Growth of World’s Richest Countries Expected to Slow, Warns World Bank | The independent
Hopes that the wealthiest economies would benefit from a synchronized recovery this year that would lift the world out of its decade-long malaise were dashed by an unfavorable World Bank forecast that slashed its growth prospects in the United States and China. Europe.
Growth in the world’s most advanced economies is expected to slow to 1.4% in 2020, from 1.6% last year, and below its previous forecast of 1.5%.
The economies of the United States, the eurozone and Japan will all experience a slowdown, the bank said on Wednesday.
The US economy will be negatively impacted by the tariffs ordered by Donald Trump as part of his trade war with China, while the industrial recession in the euro zone will be the main drag on the single currency zone.
This will be offset by a “fragile” recovery in growth among emerging markets and developing economies (EMDEs) to 4.1% from 3.5% in 2019, bringing global growth to 2.5% from 2.4. % in 2019 – the lowest since the global financial crisis.
“It has been a decade of disappointment,” said Franziska Ohnsorge, director of the bank’s development outlook group.
But even that meager acceleration depends on the stronger performance of eight countries that suffered severe downturns in 2019.
These include Argentina, Brazil, India, Iran, Mexico, Russia, Saudi Arabia, Turkey which alone represent a third of the economy. EMDE. “The recovery in 2020 is subject to great downside risks,” Ms. Ohnsorge said.
The World Bank also warned that there was a risk of a deeper global slowdown if global trade tensions reappear, if uncertainty over government policies persists, or if wealthy economies experience significant deterioration in growth.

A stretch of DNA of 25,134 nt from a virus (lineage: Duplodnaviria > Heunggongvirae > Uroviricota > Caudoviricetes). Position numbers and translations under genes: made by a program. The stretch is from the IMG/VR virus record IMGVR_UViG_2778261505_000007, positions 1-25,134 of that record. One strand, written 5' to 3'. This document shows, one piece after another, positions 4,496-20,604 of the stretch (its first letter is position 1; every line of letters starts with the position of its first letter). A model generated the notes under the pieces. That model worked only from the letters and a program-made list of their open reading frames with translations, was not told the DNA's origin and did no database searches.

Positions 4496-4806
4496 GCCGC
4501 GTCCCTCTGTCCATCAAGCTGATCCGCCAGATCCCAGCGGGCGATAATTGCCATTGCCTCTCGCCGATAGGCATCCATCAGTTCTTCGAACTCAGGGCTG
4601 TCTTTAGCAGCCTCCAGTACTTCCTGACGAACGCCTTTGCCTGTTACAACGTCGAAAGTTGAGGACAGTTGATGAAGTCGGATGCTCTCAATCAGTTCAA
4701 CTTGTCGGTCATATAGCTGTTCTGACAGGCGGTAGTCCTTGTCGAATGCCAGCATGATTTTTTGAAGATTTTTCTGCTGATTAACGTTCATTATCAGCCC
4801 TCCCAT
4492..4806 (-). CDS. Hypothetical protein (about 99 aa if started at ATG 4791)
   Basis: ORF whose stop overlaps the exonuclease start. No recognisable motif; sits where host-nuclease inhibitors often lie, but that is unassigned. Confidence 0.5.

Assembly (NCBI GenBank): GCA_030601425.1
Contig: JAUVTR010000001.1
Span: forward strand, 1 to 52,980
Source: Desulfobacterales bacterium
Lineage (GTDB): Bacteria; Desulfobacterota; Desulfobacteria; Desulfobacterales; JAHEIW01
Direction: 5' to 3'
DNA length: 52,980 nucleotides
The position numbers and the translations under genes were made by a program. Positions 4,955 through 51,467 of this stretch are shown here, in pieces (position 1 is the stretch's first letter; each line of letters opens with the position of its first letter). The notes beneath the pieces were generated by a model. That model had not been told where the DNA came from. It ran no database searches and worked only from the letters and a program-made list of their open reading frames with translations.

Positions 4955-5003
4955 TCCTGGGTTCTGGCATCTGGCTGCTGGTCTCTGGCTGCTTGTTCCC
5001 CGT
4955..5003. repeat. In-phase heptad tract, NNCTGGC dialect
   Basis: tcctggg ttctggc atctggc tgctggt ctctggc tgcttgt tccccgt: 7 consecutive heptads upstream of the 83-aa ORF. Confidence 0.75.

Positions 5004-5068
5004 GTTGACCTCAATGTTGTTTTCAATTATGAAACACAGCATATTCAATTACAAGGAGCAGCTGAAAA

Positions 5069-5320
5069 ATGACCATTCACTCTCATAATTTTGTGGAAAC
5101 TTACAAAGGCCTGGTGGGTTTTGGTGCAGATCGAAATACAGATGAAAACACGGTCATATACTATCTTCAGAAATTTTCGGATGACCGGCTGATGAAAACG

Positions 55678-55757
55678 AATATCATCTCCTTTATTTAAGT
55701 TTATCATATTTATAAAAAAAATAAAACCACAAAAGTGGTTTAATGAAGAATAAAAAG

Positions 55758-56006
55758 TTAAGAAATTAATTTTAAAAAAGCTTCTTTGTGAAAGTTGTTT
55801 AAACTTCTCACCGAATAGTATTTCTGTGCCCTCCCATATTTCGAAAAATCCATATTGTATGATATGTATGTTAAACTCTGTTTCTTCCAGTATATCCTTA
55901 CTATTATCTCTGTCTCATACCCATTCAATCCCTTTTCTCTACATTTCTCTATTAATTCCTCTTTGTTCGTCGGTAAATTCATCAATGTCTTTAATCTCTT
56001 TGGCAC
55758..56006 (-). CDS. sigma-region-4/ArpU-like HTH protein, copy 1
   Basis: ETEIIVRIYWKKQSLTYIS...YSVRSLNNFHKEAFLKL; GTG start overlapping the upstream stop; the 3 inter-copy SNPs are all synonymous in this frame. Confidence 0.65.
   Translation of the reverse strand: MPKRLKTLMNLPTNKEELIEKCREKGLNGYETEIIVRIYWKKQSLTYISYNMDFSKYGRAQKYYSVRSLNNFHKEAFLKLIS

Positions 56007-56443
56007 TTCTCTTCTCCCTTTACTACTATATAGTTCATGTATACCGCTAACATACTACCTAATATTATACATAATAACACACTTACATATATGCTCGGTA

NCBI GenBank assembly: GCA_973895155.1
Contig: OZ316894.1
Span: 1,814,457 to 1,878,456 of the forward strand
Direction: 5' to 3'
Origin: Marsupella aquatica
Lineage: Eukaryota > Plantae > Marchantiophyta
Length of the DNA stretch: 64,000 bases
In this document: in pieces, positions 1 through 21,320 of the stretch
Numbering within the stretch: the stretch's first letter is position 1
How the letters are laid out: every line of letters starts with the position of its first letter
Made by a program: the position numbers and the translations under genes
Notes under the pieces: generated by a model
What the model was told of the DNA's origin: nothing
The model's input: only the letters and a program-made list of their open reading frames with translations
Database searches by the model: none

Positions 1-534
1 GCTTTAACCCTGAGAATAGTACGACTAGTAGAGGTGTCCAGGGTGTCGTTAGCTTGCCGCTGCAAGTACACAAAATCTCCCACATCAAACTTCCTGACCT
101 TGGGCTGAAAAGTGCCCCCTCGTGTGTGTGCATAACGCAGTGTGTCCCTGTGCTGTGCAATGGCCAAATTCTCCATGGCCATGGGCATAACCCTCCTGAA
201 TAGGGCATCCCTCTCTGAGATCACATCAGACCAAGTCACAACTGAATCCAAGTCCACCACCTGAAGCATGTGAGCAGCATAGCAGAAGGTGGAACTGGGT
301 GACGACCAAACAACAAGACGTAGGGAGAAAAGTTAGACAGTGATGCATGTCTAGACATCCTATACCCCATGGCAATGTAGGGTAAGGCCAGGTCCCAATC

The bank, which predicted a year ago that the UK economy would grow 1.4% as long as a Brexit deal was reached, has stopped publishing forecasts for the UK. Ms Ohnsorge said the UK did not pose a significant enough spillover risk for emerging markets to warrant releasing a forecast.
But she added: ‘There remains a risk that something in the Brexit process – or the transition process now – will go wrong and surprise. [us] and that could then derail growth in the euro zone.
She said a decline in eurozone growth would “spill over” to countries in Eastern Europe, the Middle East, North Africa and sub-Saharan Africa.
The bank urged countries to take measures to improve their business climate, rule of law and debt management in order to achieve sustained growth.
“With growth in emerging and developing economies likely to remain slow, policymakers should seize the opportunity to undertake structural reforms that spur widespread growth, which is essential for poverty reduction,” said Ceyla Pazarbasioglu , vice president of the bank for equitable growth, finance and institutions.
In a separate chapter, the bank warned that the accumulation of debt by rich and poor economies since 2010, which now stands at a record $ 130 trillion or 264% of GDP, has increased the risk of a financial crisis.
While current low levels of interest rates mitigate some of the risks associated with high debt, previous waves of large-scale debt accumulation have ended in widespread financial crises, he said.